So I am ready to put down my proverbial violin, relish the fact that I am able to wrap my arms around my daughter, son and husband, touch my nose, look up at the roof over my head and think to myself, "it could always be worse".


  1. Wow...beautifully written, my darling daughter> I am so proud of you. You never told me the "nose" story, but it reminded me of the leper colony I used to visit with the church group in Okinawa, and how some of the people had no nose, or lips, or ears, or fingers, but they still held their palms together in prayer...

  2. well said - I was at a baby shower and some of the moms were talking about their "bad" birth stories. I didn't even chime in because I knew that I most definitely, without a doubt, had the "worst birth story" prize there, but I didn't think there was any benefit in re-living it. So, I let them continue to tell how hard their labor was, etc. (all full-term births)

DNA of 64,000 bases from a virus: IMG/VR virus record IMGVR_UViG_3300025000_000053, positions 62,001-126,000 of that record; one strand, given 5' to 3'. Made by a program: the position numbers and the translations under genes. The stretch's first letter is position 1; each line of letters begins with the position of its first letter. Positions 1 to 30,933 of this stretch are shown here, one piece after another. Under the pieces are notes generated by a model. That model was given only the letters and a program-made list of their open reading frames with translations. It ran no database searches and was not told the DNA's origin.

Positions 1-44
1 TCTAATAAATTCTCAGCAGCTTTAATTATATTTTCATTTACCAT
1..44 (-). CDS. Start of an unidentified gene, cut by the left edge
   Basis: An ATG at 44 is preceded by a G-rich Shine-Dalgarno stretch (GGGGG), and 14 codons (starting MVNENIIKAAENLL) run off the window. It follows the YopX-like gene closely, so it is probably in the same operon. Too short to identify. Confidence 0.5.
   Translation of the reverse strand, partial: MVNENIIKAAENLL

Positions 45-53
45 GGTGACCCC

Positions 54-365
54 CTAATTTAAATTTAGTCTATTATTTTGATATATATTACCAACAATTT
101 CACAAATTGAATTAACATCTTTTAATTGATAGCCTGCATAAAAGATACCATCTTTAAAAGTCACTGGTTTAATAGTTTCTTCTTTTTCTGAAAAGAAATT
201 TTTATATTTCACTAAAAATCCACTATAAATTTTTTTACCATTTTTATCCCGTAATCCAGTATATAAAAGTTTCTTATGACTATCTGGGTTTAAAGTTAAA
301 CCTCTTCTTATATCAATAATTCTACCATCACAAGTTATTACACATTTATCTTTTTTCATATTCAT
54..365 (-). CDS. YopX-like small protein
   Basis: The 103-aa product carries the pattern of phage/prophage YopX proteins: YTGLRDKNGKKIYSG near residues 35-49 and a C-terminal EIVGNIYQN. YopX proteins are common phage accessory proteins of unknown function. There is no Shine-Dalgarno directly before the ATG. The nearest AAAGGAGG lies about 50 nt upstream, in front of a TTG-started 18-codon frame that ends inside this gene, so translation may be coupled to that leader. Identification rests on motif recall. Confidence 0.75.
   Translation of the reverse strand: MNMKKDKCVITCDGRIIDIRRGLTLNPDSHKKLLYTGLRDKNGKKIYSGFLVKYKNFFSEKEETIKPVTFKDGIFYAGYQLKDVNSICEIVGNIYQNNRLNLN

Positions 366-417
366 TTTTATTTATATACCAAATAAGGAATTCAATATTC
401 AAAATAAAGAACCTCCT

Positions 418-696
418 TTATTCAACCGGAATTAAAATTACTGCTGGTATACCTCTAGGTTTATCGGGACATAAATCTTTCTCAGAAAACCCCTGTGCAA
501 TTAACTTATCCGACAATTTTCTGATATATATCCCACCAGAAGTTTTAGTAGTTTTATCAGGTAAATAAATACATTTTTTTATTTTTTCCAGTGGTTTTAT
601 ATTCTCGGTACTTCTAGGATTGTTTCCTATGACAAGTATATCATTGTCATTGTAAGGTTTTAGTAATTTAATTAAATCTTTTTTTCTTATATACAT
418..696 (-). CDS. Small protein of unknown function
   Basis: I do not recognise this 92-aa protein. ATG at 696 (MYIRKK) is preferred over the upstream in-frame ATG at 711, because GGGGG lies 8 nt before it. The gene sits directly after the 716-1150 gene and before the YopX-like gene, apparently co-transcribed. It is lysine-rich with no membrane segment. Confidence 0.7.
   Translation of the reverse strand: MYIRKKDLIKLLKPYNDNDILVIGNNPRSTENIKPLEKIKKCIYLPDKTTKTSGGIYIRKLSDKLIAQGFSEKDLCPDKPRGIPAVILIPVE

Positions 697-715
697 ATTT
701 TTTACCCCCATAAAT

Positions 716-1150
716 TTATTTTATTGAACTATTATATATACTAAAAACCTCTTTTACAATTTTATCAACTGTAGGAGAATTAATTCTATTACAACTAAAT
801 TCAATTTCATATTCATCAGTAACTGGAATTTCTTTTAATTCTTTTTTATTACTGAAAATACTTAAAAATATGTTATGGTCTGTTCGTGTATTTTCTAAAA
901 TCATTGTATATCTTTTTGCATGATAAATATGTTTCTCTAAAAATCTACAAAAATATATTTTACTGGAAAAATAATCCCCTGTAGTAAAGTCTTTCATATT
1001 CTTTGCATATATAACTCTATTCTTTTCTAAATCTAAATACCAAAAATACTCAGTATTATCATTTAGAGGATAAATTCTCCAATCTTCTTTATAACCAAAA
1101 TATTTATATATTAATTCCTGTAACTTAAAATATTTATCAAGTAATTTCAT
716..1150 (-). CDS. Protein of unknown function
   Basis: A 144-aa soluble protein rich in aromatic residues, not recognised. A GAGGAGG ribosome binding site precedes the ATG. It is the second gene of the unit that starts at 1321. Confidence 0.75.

3. ha ha Michelle, Yea I think my sympathy only goes so far as to anyone that has experienced something tragic or very scary but a full term birth with hard labor hmmmmmmmmmmm(nothing life threatening or scary) I think my empathy stops there lol, you are too kind.

  4. Donna .... Absolutely loved this post. You are one mighty woman and mom. Thurston is one lucky guy, as are all of us to know such a beautiful woman! This made my day! Xoxo. Gale